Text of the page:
These bacteria metabolize the sugars for us, but in doing so they create gases such as carbon dioxide and methane. These gases then have to leave our body somehow, and well, that’s where farts come from boys and girls.

Gas caused by bean eating in similar to how the bodies of those who are lactose intolerant handle eating dairy. In both cases a digestive enzyme is not present, which means digestive bacteria basically has to improvise in order to break down the materials.

If you’re a big bean fan than rejoice, as there are ways to limit the gases coming from your body. Soak your beans or rinse them before cooking. Water helps to break down the oligosaccharides, but I’m afraid I’m not sure how exactly. I’m not a chemist or food scientist.

And there you have it. Five Food Folklore quickies.


This weekend I was on a crazy pancake hankering. I’m not really a breakfast kind of person, but I ended up eating pancakes two days in a row, which is a big deal for me. So it only makes sense as these have been on the brain all weekend, to kick off the work week for you all by giving you a nice pancake variant.

These pancakes are actually a bit different from your normal flour and baking soda recipe versions, although those ingredients are obviously part of this. What I’ve done for this week is give you a recipe where the pancakes, thanks to the addition of ground ginger and molasses, have a flavour similar to gingerbread. It’s an excellent way to liven up a morning dish.

Gingerbread Pancakes


2 cups all purpose flour
2 tablespoons baking powder
1/2 teaspoon baking soda
1/2 teaspoon salt
2 tablespoons ground ginger
2 teaspoons ground cinnamon
1 teaspoon ground cloves
2 eggs
1/4 cup firmly packed brown sugar
1 cup buttermilk
2 tablespoons molasses
4 tablespoons unsalted butter, melted and cooked.

1. Sift the flour, baking powder, salt, ginger, cinnamon, and cloves into bowl. Put the eggs and brown sugar into a second bowl and beat well with a wire whisk. Beat in the buttermilk, molasses, cooled melted butter, and 1/2 cup water. Add the flour mixture and beat once or twice until almost smooth. It’s okay if the mix is lumpy. For pancakes, generally the lumpier the mix, the better.

2. Turn on your griddle or skillet and let it warm to medium heat. Once there, reduce the heat slightly. Pour some of the battle into the pan, about 2 tablespoons worth. Spread it with the back of a spoon and then book about 3-4 pancakes for a minute over low heat. Once small bubbles begin to appear on the surface and the underside has become golden brown, flip over and repeat for another minute. When they’re done, transfer to a plat and continue making. Serve these finished pancakes immediately or let them stay warm by placing them in an oven on low.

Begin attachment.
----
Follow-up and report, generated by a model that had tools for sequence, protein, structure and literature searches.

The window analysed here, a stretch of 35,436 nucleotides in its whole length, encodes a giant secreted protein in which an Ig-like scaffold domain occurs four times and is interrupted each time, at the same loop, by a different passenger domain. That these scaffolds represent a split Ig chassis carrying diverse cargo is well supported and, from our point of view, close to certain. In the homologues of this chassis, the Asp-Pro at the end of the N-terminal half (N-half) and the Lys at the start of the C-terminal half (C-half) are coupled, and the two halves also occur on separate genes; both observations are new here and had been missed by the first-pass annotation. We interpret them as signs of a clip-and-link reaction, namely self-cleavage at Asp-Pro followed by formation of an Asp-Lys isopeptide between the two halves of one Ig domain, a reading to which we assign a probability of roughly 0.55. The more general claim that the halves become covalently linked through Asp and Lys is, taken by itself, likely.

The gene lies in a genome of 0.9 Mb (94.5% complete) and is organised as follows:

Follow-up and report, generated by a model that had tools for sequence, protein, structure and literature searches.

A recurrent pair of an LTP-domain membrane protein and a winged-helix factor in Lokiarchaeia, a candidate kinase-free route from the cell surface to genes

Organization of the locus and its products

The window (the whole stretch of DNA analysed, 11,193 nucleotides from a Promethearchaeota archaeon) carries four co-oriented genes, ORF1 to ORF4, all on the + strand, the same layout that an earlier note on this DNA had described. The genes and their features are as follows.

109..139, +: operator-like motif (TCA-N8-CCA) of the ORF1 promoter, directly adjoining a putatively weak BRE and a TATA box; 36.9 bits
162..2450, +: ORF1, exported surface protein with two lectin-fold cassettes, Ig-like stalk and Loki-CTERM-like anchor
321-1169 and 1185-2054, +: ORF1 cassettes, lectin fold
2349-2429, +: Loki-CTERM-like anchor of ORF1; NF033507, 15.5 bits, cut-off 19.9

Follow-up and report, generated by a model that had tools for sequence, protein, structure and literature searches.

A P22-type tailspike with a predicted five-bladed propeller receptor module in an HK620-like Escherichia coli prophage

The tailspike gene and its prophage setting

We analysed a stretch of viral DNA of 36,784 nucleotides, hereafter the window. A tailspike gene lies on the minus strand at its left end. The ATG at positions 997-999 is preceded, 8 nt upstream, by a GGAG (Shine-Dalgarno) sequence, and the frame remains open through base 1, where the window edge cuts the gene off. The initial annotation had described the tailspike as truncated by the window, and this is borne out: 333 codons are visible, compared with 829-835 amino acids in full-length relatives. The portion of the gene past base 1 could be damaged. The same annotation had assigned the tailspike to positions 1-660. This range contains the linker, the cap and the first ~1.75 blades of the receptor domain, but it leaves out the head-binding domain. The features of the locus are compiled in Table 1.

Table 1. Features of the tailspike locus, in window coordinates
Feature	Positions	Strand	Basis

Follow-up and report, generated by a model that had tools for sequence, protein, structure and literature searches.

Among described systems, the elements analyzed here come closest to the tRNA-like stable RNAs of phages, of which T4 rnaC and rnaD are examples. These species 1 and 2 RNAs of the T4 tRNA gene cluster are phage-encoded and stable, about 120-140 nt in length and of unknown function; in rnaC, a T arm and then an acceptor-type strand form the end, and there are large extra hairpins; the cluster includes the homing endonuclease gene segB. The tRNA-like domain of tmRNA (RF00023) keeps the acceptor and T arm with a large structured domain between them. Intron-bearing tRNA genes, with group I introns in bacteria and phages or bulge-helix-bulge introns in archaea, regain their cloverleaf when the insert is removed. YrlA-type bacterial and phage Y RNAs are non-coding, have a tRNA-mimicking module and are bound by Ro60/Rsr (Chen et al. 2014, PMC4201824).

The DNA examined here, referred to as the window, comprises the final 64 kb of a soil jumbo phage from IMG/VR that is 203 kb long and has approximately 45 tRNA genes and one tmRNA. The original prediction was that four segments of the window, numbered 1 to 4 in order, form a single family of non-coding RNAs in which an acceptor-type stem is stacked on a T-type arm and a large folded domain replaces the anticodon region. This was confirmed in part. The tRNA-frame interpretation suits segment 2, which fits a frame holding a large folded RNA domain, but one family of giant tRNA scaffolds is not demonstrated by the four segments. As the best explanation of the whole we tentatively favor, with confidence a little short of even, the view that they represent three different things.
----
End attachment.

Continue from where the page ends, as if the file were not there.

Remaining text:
13 Plugs

Man, yours truly had a busy week. Besides my usual Nyogtha, I did another column on designing Heroclix teams. I also wrote two video game reviews. Both Shining Force Neo and Call of Cthulhu were mediocre games showing exactly what is wrong with the average gamer nowadays, where a license and/or brand name means more than quality gameplay. Alas, Inside Pulse seems to be the only place where you won’t find bought out fanboys actually disseminating video games in order to save you readers money over outright lying to you all and sucking up to publishers.

Then there’s the rest of my culture crew:

Danny Wallace talks drinks.

Elizabatdiscusses filthy diseases.

Becky is still discussing the Shinsengumi.

Elle is a wonderful Italian cook.

Elizabeth talks Tarot.

Fred talks Middle Eastern history and culture.

ML Kennedy attacks horoscopes.

Sara Reller is a rulesmonger.

In Games, our resident newbie Mark B. covers yet another awful game published by Electronic Arts. Does Electronic Arts make ANY good games anymore?

In Wrestling, Eric S. has to watch Jeff Jerrett reclaim his NWA world title. Yuck.

In Music, Gloomchen talks road trips. I actually listen to books on tape when going on drives 3 hours or more. It makes it go faster for me.

In Movies, Ryan Closs covers the uber generic non-american made films that are hyped enough by the US’s Hollywood Juggernaut as it is. Thankfully it’s Asian free. There’s enough Hong Kong and Japanese horrorphiles around as is.


That’s it for this week. I’ll see you next Monday with more myths, legends, facts, and folklore.